I have been a Hugo nominee once, 25 years after I was first published. When I got the Tiptree Award, almost 20 years after I was first published, people assumed it was for my first novel. No, I’d had three novels previously published, but they more or less sank like stones. It was frustrating and angering and depressing to work for 20 years before I got much attention. Did I think the award system was fixed? Not that I can remember. I thought life was unfair. Looking back, I think I didn’t write enough and my writing wasn’t a kind that got quick attention. Point is, Correia and Torgerson came into the field, were noticed at once, and decided this notice was not enough, because they didn’t win the Campbell and (in Torgerson’s case) the Hugo. The award system must be crooked.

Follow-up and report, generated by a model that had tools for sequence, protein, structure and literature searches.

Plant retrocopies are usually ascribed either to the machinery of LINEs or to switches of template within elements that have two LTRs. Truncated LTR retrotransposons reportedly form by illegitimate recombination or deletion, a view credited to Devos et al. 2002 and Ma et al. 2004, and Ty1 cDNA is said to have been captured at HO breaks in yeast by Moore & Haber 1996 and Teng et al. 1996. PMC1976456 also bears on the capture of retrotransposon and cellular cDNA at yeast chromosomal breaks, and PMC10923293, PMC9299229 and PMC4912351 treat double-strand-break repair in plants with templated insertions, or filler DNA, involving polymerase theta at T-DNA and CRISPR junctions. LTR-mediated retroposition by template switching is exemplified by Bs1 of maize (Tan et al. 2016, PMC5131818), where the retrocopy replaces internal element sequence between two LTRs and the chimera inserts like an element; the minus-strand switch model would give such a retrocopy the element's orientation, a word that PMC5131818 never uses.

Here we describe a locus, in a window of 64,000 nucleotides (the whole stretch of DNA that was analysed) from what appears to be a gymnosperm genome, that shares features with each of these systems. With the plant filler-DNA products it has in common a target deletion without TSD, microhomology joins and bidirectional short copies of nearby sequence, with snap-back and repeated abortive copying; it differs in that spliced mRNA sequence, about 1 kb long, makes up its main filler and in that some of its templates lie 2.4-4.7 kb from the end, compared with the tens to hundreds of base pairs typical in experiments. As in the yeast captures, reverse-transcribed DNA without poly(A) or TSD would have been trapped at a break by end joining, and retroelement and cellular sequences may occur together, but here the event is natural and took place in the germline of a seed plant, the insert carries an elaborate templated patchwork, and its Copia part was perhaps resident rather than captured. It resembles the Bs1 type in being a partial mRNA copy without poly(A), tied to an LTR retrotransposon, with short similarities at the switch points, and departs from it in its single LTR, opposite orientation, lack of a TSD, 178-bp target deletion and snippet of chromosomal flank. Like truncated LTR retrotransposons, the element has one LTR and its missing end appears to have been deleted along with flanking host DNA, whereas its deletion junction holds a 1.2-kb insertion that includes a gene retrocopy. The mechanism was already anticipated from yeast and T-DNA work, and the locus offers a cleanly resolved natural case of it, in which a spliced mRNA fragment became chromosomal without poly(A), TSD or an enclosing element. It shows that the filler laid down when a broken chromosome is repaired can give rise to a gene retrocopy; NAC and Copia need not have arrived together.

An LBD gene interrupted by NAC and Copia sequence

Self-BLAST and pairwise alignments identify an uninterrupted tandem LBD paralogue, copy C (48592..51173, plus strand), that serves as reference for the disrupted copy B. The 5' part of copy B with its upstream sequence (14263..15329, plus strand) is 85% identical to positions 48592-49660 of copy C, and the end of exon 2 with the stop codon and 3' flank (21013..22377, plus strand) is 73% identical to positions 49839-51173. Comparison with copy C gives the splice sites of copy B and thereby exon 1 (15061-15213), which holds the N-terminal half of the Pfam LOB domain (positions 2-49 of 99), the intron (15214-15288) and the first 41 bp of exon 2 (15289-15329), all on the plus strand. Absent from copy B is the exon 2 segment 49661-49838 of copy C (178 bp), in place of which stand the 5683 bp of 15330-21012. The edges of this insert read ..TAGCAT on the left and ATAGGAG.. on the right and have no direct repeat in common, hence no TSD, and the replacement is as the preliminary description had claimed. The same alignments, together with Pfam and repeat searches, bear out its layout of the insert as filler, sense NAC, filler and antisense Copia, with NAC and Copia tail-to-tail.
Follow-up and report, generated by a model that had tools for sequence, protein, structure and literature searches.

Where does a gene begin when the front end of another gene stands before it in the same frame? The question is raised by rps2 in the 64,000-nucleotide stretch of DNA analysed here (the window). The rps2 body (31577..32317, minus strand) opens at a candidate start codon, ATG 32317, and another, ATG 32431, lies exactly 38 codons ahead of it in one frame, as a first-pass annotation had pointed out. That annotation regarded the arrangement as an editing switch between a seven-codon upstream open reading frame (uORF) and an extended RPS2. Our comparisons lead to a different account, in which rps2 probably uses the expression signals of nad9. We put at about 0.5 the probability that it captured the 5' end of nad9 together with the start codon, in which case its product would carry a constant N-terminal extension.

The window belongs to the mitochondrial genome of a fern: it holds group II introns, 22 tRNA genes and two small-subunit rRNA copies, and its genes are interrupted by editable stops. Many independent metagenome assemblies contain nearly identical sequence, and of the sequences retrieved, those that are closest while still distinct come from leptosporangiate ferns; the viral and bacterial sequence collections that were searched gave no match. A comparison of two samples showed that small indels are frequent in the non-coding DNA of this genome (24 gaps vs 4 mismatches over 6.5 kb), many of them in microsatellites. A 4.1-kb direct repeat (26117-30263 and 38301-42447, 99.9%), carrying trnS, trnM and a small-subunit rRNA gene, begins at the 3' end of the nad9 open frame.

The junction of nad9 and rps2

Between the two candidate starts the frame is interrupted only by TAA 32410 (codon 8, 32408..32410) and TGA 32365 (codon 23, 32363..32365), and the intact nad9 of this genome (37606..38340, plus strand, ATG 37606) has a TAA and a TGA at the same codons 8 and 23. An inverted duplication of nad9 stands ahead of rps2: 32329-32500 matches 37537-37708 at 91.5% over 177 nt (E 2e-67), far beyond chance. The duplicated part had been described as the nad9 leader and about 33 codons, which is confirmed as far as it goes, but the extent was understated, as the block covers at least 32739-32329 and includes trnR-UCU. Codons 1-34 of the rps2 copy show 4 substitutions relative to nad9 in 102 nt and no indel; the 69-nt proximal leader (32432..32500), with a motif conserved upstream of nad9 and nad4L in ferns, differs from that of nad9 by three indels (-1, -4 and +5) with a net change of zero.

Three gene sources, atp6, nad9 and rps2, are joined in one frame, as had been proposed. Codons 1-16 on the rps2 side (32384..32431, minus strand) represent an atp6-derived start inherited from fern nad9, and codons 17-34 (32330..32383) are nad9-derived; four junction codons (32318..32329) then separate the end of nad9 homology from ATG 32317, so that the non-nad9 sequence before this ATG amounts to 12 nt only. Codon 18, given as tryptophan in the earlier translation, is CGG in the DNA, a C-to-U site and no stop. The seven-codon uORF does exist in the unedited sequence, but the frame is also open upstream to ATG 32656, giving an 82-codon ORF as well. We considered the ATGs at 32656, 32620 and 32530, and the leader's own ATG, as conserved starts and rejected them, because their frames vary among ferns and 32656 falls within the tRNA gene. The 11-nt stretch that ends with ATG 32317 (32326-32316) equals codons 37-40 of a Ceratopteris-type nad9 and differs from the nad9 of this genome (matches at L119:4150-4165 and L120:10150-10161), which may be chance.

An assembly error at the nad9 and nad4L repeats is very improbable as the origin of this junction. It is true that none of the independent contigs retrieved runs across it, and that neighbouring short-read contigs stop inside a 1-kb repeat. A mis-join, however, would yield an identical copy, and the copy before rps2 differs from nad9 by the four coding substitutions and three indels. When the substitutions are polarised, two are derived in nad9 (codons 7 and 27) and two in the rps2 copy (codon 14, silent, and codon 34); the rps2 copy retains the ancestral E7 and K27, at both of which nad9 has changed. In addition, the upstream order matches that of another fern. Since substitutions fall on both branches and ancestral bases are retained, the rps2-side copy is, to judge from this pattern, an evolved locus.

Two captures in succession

–Eleanor Arnason on patience.

Well, geeze. I wasn’t nominated for a Hugo or a Campbell in 2015, either, so obviously this is because of a Great White Male Conspiracy designed to keep books with queer brown protagonists from winni–

Oh. Wait.


2018-06-26T13:21:37+10:0028th April, 2015|Tags: fandom, hugo awards, sff|

Art and politics.

Some people believe that awards should be wholly apolitical, as if their selection of What Is Best could be as antiseptic and sterile as measuring the temperature of a cup of water. This is nonsense. Merely by being about “the best”, all awards split people into two factions at least – those who do and do not agree with the selections. Two factions trying to get a human organization to choose the thing they want it to choose – that’s the definition of politics. Whether it’s an industry award, a public vote, or five elites in a room reading everything and having to choose one, the selection process generates a statement, and the creation of that statement will necessarily be political in some fashion.

–Robert Jackson Bennett on politics.

2015-04-15T08:32:07+10:0022nd April, 2015|Tags: books, culture, hugo awards, politics|